Which type of motors are best for a plotter format laser cutting machineby Deepak Bhardwaj Digital Marketing Expert
This question often arises during the later stages of evaluation just prior to purchasing a laser cutting machine because some manufacturers make a big issue of the types of motor that their machines incorporate.
Generally there are two types of motor used in lower cost, low power, small format laser cutting machines:
The differences between the two can be vast or minor depending on the performance criteria of the motor itself.
Older motor technology incorporates brushes that physically contact to transfer the electrical current. This type of motor can still be found on very low cost laser cutting machines but should be avoided because the brushes will wear-out. More modern technology uses a non-contact electromagnetic design to pick-up the electrical current. These are called brushless motors and they will often give many years of service without maintenance. In almost all cases the current used to power motors in a laser cutter will be DC
A typical servomotor in a laser cutter will be quite small and low in performance compared to, for example, the same make of servomotor used in a larger or heavier machine such as a CNC router or milling machine.
Signals to a servomotor can be analogue or digital. As the signal is sent to the servomotor it will rotate either clockwise or anticlockwise. Coupled with the servomotor will be some form of encoder. This can be linear (external to the motor) or rotary (usually positioned below the main shaft). The encoder can be read magnetically or optically with the magnetic reader being better as it is not susceptible to error through contamination whereas an optical sensor is.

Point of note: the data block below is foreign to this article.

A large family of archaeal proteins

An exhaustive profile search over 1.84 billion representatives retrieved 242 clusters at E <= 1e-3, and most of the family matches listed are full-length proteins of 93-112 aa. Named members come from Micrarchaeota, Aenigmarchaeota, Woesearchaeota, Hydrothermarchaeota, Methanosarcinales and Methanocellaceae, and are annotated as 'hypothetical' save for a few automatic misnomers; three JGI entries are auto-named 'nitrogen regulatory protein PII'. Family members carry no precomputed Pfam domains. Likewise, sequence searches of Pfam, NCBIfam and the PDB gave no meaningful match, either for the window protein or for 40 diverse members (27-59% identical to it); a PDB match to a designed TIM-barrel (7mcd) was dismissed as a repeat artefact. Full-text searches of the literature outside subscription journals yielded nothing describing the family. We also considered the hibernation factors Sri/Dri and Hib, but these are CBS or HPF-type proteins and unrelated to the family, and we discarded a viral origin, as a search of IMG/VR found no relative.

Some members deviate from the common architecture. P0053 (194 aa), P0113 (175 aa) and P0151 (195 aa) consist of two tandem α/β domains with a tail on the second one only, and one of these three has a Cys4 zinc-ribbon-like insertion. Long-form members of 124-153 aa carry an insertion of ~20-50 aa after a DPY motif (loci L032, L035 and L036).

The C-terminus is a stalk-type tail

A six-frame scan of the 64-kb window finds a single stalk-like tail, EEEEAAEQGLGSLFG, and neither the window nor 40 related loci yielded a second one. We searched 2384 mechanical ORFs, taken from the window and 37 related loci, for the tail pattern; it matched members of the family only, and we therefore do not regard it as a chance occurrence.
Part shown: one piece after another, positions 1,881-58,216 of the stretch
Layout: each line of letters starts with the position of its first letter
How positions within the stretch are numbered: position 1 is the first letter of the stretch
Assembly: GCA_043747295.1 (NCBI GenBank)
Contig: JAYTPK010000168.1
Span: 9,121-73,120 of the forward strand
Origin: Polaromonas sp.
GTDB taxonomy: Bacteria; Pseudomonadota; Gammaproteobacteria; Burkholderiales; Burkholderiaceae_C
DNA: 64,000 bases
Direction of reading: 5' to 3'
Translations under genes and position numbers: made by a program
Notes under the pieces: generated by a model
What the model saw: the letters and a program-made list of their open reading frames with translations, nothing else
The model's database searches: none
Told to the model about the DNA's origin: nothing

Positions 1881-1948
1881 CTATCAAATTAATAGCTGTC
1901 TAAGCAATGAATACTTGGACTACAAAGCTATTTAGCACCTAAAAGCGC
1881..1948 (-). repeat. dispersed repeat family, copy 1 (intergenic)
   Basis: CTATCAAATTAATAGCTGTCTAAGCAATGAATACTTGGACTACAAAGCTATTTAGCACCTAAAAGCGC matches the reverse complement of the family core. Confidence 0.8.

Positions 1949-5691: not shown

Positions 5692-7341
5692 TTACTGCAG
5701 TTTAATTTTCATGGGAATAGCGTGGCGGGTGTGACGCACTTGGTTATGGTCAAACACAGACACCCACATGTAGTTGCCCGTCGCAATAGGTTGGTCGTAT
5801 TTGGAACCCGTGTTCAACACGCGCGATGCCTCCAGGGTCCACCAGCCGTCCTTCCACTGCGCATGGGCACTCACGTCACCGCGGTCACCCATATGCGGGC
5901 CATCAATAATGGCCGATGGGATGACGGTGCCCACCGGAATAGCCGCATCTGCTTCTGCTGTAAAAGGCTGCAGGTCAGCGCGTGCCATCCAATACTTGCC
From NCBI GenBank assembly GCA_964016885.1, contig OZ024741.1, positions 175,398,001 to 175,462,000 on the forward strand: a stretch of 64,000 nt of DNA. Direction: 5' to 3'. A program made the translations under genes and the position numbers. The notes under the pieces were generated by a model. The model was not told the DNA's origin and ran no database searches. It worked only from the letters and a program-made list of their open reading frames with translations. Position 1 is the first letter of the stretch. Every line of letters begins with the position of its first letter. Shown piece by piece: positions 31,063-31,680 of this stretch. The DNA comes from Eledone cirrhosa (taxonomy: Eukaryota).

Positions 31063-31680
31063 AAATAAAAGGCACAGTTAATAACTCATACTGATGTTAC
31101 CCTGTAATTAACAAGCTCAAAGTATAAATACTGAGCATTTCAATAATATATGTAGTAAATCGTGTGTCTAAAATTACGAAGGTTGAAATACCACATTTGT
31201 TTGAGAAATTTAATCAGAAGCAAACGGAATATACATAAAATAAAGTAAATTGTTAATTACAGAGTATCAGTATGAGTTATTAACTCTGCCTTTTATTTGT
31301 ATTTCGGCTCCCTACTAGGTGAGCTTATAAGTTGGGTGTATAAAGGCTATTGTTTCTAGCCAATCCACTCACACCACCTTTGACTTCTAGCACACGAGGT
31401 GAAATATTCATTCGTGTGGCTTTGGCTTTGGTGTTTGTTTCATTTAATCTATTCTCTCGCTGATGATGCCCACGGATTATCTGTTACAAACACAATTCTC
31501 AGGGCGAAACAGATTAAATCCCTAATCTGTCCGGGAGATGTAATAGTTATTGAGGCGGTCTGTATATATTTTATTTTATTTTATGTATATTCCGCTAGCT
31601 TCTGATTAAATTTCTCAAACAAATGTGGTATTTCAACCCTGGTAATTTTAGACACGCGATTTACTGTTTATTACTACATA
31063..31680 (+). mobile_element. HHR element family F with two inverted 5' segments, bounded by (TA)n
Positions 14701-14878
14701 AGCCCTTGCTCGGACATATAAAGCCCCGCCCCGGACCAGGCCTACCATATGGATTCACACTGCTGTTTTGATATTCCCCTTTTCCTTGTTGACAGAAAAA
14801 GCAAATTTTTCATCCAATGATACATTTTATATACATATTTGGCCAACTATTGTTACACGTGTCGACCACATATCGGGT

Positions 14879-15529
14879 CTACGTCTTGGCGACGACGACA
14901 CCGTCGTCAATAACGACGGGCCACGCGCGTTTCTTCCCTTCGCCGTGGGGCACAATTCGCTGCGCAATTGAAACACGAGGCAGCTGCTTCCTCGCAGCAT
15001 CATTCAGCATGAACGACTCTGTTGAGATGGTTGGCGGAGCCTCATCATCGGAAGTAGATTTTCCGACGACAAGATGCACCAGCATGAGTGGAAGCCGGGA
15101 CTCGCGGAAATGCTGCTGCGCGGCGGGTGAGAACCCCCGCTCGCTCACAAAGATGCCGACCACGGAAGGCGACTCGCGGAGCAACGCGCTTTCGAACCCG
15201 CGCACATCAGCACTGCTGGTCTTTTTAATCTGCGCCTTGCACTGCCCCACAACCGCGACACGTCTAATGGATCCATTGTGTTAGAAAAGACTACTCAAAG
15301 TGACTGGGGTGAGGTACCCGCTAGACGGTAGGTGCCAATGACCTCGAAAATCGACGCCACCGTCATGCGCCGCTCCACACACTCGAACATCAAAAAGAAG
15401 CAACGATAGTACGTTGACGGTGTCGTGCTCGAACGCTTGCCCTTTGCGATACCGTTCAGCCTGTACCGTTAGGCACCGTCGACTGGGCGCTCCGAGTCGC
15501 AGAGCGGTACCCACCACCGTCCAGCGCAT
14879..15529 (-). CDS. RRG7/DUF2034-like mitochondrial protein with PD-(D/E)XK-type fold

The function of the encoder it to provide feedback to determine if the motor has moved as commanded. This is particularly useful if the motor is used at high speeds or under heavier loads because if any positioning is lost the feedback from the encoder can be used to correct. This makes servomotors potentially more accurate and more reliable especially when used at higher velocities.
Servomotors operate well with a variable velocity, so a servomotor is a better solution if the system is to be used at high velocities
A modern stepper motor simply receives a signal to move a certain number of steps in a particular direction: clockwise or counter clockwise. It will normally work at a set velocity. Stepper motors can lose accuracy, especially if they are overloaded with a motion system that is too heavy or if they are driven too fast
Therefore, you would think that the servomotor is the only option to choose, however, a high quality stepper motor can often provide for a smoother cut as, unlike the servomotor alternative, it is not in a constant state of agitation. Stepper motors are also often of a significantly lower cost so that the equipment is lower cost to purchase and replace
Furthermore, on lower cost systems it is often possible to drive the axis directly off of the main shaft of a stepper motor whereas most servomotors are always connected to the axis via some kind of intermediary gearing mechanism. When such mechanism wears accuracy is lost and if the servomotor is using a rotary encoder this means that the electronics thing all is Ok but in fact the machine is working with an error.
In summary, it is our view that there is no advantage to using a servomotor unless the system is to be driven very fast and/or if the motor is moving a very heavy motion system. For these reasons, aside from our largest format machine most of the plotter lasers that we manufacture incorporate stepper motors.At Lotus Laser Systems we manufacture a wide range laser marking and engraving solutions ideally configured for laser cutting, laser marking and laser engraving all types of materials. Our experts would be happy to recommend which configuration best suits your application.
Created on Dec 31st 1969 19:00. Viewed 0 times.